We fucked it up again. As a society, we took yet another ‘teachable moment’ and we found a way to fuck it up. We fucked it up because we’ve abandoned the notion of a nuanced world. We fucked it up because we wanted Michael Brown to be a completely innocent victim, because we wanted Officer Darren Wilson to be a villain, because we wanted Michael Brown to be a thug, because we wanted Darren Wilson to be a hero, because we wanted Michael Brown to be a racist, because we wanted Darren Wilson to be a racist.

We fucked it up because we didn’t even bother to look at them as people. We immediately made them into symbols. For the most part we didn’t bother to look at what little evidence was available to us. When we did look, we only talked about the evidence that supported what we wanted to believe.

We fucked it up because we’ve become a society eager to be offended. Eager to be outraged. Eager to blame others. Eager to justify our own particular position and eager to malign those with whom we disagree. We fucked it up because we weren’t really interested in what actually happened, or why it actually happened. We fucked it up because we insisted on packing what happened into specific narratives.

Was Michael Brown a ‘gentle giant’? Yes, sometimes. Was he also a thug? Yes he was, sometimes. Was Darren Wilson a villain? Yes, sometimes. Was he also a hero? Yes, sometimes he was. Were they both racist? Yes, of course they were, sometimes. Because ALL of us are complex, because none of us is just one thing.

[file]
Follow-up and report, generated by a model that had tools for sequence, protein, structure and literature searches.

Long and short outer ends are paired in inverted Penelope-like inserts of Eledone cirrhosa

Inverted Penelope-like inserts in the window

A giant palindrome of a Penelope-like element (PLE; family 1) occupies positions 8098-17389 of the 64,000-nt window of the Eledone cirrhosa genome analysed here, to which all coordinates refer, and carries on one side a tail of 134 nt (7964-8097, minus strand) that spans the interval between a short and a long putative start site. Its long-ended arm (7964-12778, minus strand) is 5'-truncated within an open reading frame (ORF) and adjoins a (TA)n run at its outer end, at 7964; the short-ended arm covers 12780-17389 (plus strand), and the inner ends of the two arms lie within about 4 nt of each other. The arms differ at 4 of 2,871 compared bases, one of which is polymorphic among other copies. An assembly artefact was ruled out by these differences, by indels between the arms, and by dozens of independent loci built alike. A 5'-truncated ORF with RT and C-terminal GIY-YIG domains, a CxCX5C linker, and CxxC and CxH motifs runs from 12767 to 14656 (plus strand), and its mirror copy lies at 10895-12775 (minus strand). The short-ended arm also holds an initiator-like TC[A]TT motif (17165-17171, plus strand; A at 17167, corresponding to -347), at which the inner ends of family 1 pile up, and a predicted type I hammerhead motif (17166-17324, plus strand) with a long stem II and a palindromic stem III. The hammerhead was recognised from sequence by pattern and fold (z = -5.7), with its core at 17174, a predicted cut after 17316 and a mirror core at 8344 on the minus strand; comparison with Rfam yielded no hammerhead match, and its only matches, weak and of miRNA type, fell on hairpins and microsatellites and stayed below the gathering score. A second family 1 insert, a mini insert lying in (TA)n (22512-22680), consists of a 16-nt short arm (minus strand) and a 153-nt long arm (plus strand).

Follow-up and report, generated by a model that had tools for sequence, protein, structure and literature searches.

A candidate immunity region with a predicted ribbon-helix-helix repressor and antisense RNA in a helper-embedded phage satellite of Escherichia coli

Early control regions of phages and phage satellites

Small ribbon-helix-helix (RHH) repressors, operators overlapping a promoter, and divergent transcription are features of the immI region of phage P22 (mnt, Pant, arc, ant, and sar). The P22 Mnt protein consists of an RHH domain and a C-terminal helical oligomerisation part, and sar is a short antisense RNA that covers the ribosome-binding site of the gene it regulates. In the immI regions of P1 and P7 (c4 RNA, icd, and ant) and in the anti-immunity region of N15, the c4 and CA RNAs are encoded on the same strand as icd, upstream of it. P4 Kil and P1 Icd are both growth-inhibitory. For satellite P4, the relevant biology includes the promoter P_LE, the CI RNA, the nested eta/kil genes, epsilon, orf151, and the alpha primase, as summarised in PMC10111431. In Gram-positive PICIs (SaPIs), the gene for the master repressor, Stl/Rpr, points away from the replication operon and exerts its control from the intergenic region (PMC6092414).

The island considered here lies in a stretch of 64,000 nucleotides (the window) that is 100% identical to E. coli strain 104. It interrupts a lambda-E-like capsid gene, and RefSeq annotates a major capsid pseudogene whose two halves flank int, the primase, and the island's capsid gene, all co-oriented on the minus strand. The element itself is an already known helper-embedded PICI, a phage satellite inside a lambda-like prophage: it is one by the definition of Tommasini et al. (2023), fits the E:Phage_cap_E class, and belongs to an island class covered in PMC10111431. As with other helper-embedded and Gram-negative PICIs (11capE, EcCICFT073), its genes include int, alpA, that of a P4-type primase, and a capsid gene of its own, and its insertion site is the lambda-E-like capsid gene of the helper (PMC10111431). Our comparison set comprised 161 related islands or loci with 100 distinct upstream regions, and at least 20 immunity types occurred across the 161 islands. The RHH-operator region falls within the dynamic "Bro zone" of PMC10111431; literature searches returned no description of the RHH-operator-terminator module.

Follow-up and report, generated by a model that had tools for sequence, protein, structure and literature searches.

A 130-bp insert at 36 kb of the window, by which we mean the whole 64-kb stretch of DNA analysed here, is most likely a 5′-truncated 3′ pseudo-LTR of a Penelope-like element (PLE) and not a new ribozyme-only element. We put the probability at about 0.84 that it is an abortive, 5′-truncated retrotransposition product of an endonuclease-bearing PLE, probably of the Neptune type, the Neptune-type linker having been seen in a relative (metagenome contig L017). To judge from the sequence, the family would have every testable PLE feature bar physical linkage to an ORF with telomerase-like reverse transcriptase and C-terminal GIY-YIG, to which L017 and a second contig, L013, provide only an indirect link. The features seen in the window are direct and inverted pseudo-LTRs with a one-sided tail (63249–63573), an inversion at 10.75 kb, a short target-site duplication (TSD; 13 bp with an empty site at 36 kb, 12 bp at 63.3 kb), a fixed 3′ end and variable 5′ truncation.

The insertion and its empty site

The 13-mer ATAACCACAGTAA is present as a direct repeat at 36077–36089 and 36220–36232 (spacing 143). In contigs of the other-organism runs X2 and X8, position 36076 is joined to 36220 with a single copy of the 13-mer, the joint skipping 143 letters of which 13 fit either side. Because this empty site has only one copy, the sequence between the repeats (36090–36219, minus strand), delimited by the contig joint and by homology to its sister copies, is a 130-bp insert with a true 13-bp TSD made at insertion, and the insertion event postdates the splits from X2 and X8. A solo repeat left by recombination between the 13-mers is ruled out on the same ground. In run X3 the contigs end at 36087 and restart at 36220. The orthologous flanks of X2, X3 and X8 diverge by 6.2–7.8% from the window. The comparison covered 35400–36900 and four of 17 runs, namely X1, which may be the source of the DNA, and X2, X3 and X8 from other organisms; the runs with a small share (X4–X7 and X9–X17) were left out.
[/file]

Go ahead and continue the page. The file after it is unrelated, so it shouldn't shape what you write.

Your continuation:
What happened in those few minutes in Ferguson was a cascade of spontaneous escalating events shaped by years of experience. What’s happened in the days and weeks following those few minutes has been shaped by people trying to wedge what happened into inflexible ideological storylines.

But there was a period — a few hours, maybe a couple of days, maybe even as much as a week — when it might have been possible for us as a society to try to understand Michael Brown and Darren Wilson. To understand each of them as people, not simply as symbols of what we fear. To understand why each of them acted and reacted the way they did.

We’ve had a lot of those ‘teachable’ moments in the last few years. We’ve fucked up most of them. We fucked them up because our immediate instinct is to polarize, to defend our position and vilify the other, to justify our view and make the other view illegitimate. We fuck them up because we refuse to acknowledge the possibility that we might be even partially wrong, because we refuse to accept the others may be partially right. We’ve fucked them up because we believe winning is more important than understanding

I’m pessimistic about the future of society. I’m also optimistic. (ALL of us are complex; none of us is just one thing.) I’m pessimistic because of Ferguson, because of Newtown, because of Ukraine, because of the mid-term elections, because of Syria, because of Ebola fuckwits, because because because of so many things. But I’m optimistic too, because same-sex marriage is now legal in 35 states. Because Dr. Matt Taylor made a complete and sincere apology for wearing a stupid, sexist shirt to announce a major scientific achievement. Because the guys behind Gamergate have failed. Because the Pope blessed a male stripper’s parrot. Because despite all the unrest, the Ferguson Municipal Public Library remains open today. Because as awful as things are, they’re not as awful as they could be — and because they’re getting slightly less awful all the time.